Dr. Jennifer W. Shewmaker

Parent, Teacher, Author

Is the Thin Ideal Harmful?

There has been a lot of research done that shows us that exposure to objectifying and sexualized images  really does make a difference in the way kids feel and behave.

For girls, looking at fashion magazines that promotes a “thin” ideal, watching prime time TV, and music videos with sexualized images is closely linked to depressive symptoms and low self-esteem. For both boys and girls, the more time they spend engaging with media, the lower their grades and the less contentment they express, especially related to who they are and their everyday lives.

So, spending time with media does make a difference in how kids feel about themselves. Higher rates of media involvement leads to higher rates of negative feelings and behaviors.  That’s an important thing for us to know. If it makes a difference, we need to pay attention to that.

Operation: Transformation is about asking for healthier media and marketing options for children. We need to see more media depictions of a variety of body types. We need to see a focus on health rather than meeting a certain ideal. Healthy bodies come in all shapes and sizes, and the beauty of that needs to be represented in the media.

 

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2 comments on “Is the Thin Ideal Harmful?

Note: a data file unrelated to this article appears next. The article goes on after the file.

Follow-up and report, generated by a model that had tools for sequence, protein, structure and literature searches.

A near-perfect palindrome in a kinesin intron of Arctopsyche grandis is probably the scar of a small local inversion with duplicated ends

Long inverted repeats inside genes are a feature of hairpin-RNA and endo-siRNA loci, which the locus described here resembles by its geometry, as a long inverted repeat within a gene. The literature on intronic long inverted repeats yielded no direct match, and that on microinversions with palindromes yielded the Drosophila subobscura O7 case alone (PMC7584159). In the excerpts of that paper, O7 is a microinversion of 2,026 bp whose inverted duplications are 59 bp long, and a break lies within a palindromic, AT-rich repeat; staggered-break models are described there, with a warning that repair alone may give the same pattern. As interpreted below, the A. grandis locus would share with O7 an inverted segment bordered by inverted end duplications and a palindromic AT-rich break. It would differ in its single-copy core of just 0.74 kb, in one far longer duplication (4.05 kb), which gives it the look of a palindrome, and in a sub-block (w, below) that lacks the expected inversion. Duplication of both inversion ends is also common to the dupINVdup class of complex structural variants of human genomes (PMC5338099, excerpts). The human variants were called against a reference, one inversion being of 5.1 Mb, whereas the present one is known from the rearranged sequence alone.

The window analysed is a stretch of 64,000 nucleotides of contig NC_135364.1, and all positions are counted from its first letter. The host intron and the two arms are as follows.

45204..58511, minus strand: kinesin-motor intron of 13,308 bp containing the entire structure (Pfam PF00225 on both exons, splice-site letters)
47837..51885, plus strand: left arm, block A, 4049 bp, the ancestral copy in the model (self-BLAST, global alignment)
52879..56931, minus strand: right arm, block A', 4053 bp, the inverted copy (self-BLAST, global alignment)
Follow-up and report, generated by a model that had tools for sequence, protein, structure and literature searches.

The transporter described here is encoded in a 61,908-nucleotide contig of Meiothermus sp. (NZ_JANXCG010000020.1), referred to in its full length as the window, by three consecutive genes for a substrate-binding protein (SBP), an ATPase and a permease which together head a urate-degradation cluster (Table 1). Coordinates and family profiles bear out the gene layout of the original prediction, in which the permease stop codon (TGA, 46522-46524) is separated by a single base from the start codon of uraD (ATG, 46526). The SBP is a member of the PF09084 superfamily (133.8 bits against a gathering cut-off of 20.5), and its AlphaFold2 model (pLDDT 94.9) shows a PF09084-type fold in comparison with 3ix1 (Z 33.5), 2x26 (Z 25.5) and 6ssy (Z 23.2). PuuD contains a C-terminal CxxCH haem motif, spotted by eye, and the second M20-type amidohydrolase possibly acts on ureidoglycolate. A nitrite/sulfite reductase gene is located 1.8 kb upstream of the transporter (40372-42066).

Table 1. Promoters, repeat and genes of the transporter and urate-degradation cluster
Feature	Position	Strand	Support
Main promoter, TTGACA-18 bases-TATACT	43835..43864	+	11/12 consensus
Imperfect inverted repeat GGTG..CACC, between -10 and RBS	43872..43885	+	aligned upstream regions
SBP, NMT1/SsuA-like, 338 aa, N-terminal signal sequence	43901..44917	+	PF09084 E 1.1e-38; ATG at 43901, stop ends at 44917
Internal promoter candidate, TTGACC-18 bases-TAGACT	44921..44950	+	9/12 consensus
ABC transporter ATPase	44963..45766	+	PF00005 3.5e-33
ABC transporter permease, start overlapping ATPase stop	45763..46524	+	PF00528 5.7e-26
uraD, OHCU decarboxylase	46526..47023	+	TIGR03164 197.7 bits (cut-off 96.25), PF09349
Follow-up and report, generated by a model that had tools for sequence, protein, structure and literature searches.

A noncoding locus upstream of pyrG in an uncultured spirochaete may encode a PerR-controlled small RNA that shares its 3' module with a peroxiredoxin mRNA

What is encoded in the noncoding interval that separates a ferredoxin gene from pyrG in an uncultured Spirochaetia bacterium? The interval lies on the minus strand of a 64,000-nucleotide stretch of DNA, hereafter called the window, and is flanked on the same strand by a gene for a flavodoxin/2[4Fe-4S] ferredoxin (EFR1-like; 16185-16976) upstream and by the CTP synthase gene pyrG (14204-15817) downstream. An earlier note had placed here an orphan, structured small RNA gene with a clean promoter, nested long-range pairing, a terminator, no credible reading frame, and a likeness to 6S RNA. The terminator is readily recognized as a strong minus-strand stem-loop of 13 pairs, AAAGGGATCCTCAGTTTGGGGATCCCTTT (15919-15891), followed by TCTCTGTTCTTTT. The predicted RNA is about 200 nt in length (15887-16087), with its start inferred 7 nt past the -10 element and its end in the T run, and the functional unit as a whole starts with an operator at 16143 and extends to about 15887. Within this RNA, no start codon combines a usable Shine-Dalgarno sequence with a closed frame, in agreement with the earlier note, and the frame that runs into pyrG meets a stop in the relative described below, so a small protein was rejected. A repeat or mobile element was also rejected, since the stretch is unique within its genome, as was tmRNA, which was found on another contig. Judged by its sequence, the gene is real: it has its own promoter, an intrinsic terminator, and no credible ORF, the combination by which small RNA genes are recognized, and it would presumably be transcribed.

1. Kimberly Thompson
    November 5, 2014

    I wonder if the “thin ideal” is really kind of an index for the “young ideal.” It is clear that runway models are usually teens, sometimes very young teens. It is also clear to me looking at celebrities that keep their weight very low, that “very thin” looks less and less attractive as you age. I also wonder if we will always have problems with the “thin ideal” as long as we value staying young (or in the absence of youth, at least appearing young) over celebrating and valuing what we gain as we age (we act like all we gain is weight!).

    • Jennifer Shewmaker
      November 5, 2014

      Great insight, Kim. The youth and thinness ideals seem to go hand in hand.

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This entry was posted on November 5, 2014 by in For Teens and Tweens, Recognizing.
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